Labor works together to pass Corvallis bus operators initiative
By DON McINTOSH, Staff Reporter
CORVALLIS - On Sept. 21, voters here gave city bus operators what organizing, negotiating, and one-day walkouts hadn't been able to achieve in three years: a $3 to $4 an hour raise.
The vote was the culmination of a six-month campaign by Amalgamated Transit Union (ATU) Local 757 to win improvements for drivers via ballot initiative after the legal requirement to bargain in good faith failed to get any contract from Laidlaw, Inc., the $3.5-billion-a-year Canadian multinational that has the contract to provide municipal bus service in Corvallis.
After more than 12 months of unsuccessful negotiating, the union decided to pursue the ballot box route to a raise. The measure, an amendment to the city charter, mandates that the City of Corvallis require transit contractors to pay employees the prevailing wage - the average wage for similar workers within a 100-mile radius - about $11-$12 an hour.
It was a closely watched election locally, and it had a high turnout. Typically in an off-year election 2,250 people vote, reports Local 757 attorney Susan Stoner. This time 8,826 people - 45 percent of registered voters - sent in their ballots. The measure passed 5,752 to 3,074, or 65 to 34 percent. Corvallis city bus operator Bob Maguire said he and the other drivers were overwhelmed with the support the community showed for their cause.
In addition to the 3,200 people who signed the initiative petition and thousands who voted yes, hundreds of residents showed support by posting lawn signs that said "$6.65 is not enough" and "Stop the greed," and dozens of letter-writers had kept the issue alive in the pages of the Corvallis Gazette-Times.
From the outset, the campaign bubbled with union solidarity. The national AFL-CIO sent field representative George Curtin to help for two weeks in mid-spring. The Oregon AFL-CIO identified union households in Corvallis and distributed three mailings explaining the initiative. The Oregon Public Employees Union (OPEU) helped with phone banking and computer work. Staff and members from United Food and Commercial Workers and the Carpenters Union helped drivers go door-to-door asking residents to put up lawn signs. And Carpenters Local 1094 let the campaign make extensive use of its Corvallis office.
All this to give long-overdue raises of $3 to $4 an hour to 14 drivers and one mechanic. "It was not just for the 14 drivers," said Ron Heintzman, Local 757 president. "We do things to set a precedent."
One impact of the victory may be the example it sets for the Corvallis School Board, which has been asked by Local 757 to institute a similar policy for its contracted-out school bus operation (also with Laidlaw Inc.).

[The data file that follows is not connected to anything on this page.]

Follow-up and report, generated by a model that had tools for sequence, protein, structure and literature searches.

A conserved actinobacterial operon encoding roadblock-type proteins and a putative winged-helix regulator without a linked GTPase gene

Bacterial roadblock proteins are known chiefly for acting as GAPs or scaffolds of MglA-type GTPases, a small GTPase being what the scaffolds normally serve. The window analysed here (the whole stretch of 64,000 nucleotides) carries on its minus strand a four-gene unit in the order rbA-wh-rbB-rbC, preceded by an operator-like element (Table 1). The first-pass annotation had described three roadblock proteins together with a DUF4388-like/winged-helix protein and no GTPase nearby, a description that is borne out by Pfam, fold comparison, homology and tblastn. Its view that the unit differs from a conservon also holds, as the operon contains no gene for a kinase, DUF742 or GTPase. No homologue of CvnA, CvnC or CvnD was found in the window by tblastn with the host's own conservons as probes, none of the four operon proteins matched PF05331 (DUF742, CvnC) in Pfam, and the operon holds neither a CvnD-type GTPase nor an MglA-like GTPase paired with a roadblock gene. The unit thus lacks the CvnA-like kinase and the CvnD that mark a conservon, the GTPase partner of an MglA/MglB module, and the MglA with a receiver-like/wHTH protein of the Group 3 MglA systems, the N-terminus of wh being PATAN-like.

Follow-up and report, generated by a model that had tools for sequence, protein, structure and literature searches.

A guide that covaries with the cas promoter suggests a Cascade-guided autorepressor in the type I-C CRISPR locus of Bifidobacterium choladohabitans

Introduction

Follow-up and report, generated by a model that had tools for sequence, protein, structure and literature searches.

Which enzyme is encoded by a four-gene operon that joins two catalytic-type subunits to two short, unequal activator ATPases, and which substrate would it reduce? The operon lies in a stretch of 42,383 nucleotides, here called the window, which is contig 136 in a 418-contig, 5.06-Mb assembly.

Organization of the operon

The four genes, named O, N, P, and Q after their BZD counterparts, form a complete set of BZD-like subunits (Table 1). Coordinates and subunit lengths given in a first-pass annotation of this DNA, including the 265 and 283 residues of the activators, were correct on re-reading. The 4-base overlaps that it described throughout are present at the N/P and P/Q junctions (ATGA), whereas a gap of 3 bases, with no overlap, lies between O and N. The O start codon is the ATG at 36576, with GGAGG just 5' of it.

Another outcome could be the passage of a city-wide living wage ordinance. Karin Gerstel, staffperson for the Mid-Willamette Valley chapter of Jobs With Justice, says the bus drivers' campaign has given momentum to the local campaign for an across-the-board living wage ordinance After the Corvallis City Council declined to pass such an ordinance, supporters collected enough signatures to qualify a measure that would set a $9 an hour wage floor for all work contracted by the City of Corvallis. The measure will be decided on the Nov. 2 ballot, which will be mailed to local voters Oct. 18.
In any event, the city bus operators will get their raises in January, according to Heintzman, when Laidlaw's contract with the city is up, regardless of who gets the contract. Heintzman is hopeful the contract will be awarded to another company or taken in-house. The existing arrangement with Laidlaw hasn't been a good deal for the city or the drivers, he argued.
In that arrangement, the City of Corvallis provides the buses and sets the routes. Laidlaw supposedly oversees the operation. Laidlaw handles bus maintenance, but it bills the city $35 an hour for labor and charges cost-plus for any parts it has to order. In effect then, ATU attorney Stoner said, Laidlaw does little more than process the payroll, billing the city $483,917 in 1997.
Laidlaw's profit margin on its contract with the City of Corvallis is not public information, but Local 757 conducted its own analysis and came up with a rough guess: For 1997, with payroll at $178,000, Laidlaw made a gross profit of $300,000.
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